Uncertainty avoidance is another dimension hat may by basing descriptions on Hofestede’s Uncertainty Avoidance Index (UAI). Uncertainty as a dimension refers to “the feelings that people tend to have regarding uncertain and ambiguous situations” (Ajami & Goddard, 2006, p. 214). In some cultures, some people accept uncertainty and ambiguity. In other cultures, however, people try to avoid uncertainties. People avoid uncertainties primarily because they are fearful of unknown outcomes especially when faced with change or transition. On the other hand, in other countries where tolerance to uncertainty is low, they are very much concerned about the implementation of laws, rules and regulations, and policies. The proper implementation of these ensures control and foster discipline among the people. Hence, in organizations where tolerance to uncertainty is low, people work better under circumstances where the management is in control and sets limitations or boundaries for people. Implementing rigid laws and encouraging discipline prevent conflicts, uncertainties, and chaos (Paul, 2008, p. 156). On the contrary, in cultures where there is high tolerance of uncertainty, people are more open to risks and conflicts. High tolerance to uncertainty means that “the country is less concerned about ambiguity and uncertainty and has tolerance for a variety of opinions” (Paul, 2008, p. 156).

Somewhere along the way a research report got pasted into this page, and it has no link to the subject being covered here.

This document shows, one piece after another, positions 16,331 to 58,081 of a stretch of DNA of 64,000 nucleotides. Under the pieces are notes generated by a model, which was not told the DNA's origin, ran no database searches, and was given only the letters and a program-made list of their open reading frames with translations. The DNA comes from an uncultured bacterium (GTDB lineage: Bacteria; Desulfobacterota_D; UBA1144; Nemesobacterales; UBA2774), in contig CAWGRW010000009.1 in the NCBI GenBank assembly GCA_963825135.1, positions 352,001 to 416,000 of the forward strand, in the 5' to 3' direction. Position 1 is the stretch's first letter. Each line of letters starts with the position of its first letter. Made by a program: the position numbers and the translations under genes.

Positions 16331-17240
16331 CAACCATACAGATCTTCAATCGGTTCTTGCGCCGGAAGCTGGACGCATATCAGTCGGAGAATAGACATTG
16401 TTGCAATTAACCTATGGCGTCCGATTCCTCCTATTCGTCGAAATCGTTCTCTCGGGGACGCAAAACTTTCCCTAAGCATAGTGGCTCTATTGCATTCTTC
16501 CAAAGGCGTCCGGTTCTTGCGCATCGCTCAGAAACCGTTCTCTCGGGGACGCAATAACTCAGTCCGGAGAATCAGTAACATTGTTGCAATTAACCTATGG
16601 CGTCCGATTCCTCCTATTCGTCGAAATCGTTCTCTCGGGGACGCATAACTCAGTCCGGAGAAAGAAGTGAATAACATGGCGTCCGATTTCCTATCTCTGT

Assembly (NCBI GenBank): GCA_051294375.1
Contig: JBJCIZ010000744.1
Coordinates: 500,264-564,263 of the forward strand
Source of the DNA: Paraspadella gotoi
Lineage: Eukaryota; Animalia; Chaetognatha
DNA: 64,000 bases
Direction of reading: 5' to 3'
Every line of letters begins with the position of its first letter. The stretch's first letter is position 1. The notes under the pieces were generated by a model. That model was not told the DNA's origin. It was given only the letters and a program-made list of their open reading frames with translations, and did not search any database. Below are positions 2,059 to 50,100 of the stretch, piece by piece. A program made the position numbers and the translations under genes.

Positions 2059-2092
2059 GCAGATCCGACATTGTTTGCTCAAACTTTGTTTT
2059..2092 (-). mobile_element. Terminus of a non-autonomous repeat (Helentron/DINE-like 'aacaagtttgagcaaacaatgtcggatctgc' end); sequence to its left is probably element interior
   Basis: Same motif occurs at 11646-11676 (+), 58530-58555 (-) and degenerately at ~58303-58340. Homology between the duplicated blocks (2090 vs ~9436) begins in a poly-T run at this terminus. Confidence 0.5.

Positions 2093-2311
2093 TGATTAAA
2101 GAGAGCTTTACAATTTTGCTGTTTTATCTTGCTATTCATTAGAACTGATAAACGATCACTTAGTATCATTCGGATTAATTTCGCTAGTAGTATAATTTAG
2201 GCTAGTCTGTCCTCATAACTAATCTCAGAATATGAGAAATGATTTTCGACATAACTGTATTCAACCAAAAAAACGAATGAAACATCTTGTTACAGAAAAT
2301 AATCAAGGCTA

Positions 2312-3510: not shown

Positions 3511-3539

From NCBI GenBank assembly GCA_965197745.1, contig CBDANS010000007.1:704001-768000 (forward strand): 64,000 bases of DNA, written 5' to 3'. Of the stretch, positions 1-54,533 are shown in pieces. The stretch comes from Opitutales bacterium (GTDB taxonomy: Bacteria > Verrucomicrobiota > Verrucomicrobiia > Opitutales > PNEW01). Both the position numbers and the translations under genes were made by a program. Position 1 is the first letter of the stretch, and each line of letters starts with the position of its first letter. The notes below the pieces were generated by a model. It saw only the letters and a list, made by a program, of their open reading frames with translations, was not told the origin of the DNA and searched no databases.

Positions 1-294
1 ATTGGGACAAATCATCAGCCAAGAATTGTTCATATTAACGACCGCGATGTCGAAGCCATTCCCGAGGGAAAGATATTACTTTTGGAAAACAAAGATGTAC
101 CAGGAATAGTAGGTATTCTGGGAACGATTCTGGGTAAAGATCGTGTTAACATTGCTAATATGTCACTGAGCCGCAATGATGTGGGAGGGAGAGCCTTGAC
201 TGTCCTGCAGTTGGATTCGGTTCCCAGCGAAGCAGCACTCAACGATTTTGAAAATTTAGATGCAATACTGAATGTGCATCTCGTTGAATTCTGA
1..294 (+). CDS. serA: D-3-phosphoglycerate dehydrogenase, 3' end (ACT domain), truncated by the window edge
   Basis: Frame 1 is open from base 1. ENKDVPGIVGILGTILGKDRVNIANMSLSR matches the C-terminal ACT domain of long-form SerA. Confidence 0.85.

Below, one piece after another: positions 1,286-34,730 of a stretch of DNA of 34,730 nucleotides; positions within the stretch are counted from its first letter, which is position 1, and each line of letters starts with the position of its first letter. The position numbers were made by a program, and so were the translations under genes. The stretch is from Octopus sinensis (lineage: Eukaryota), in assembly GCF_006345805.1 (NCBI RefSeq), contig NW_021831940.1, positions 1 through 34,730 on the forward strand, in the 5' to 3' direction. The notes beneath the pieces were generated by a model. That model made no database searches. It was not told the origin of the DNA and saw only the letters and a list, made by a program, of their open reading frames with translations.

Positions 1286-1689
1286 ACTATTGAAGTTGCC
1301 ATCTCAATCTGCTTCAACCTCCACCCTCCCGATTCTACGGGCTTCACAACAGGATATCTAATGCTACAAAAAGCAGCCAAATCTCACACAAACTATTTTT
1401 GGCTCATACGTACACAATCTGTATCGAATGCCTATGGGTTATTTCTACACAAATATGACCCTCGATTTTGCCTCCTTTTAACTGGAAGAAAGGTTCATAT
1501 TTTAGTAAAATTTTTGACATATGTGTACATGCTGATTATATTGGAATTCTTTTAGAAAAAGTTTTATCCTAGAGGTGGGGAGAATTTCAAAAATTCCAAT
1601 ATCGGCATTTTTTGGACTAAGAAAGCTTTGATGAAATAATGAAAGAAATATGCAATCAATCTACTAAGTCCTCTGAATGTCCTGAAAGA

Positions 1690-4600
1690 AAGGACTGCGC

Another dimension in Hofstede’s model is long term or goal orientation. Long term or goal orientation refers to “the manner in which people are motivated to work toward different goals” (Ajami & Goddard, 2006, p. 214). Differences in long term or goal orientation may be observed from the way that cultures or people set goals or make plans. Some cultures exhibit aggressiveness when it comes to planning and setting goals. People in other cultures, however, do not care much for planning and achieving long term goals and objectives. Cultures that exhibit long term or goal orientation are highly concerned about the future. As a result, people in long term and goal oriented cultures make decisions based on their predictions of their future. Since people in these cultures set long term goals, they are also hard working people. People in these cultures value perseverance and commitment because they view these characteristics as essential in achieving long term goals. Countries in Asia, particularly South and Southeast Asia are long term and goal oriented cultures. People in most Asian countries adhere to the principle of long term orientation, which means that they value future outcomes. In these countries, people prepare for the future by anticipating change and making investments to secure future outcomes (Paul, 2008, p. 156). On the contrary, countries that exhibit low long term or goal orientation do not value stability and therefore do the opposite (Paul, 2008, p. 156).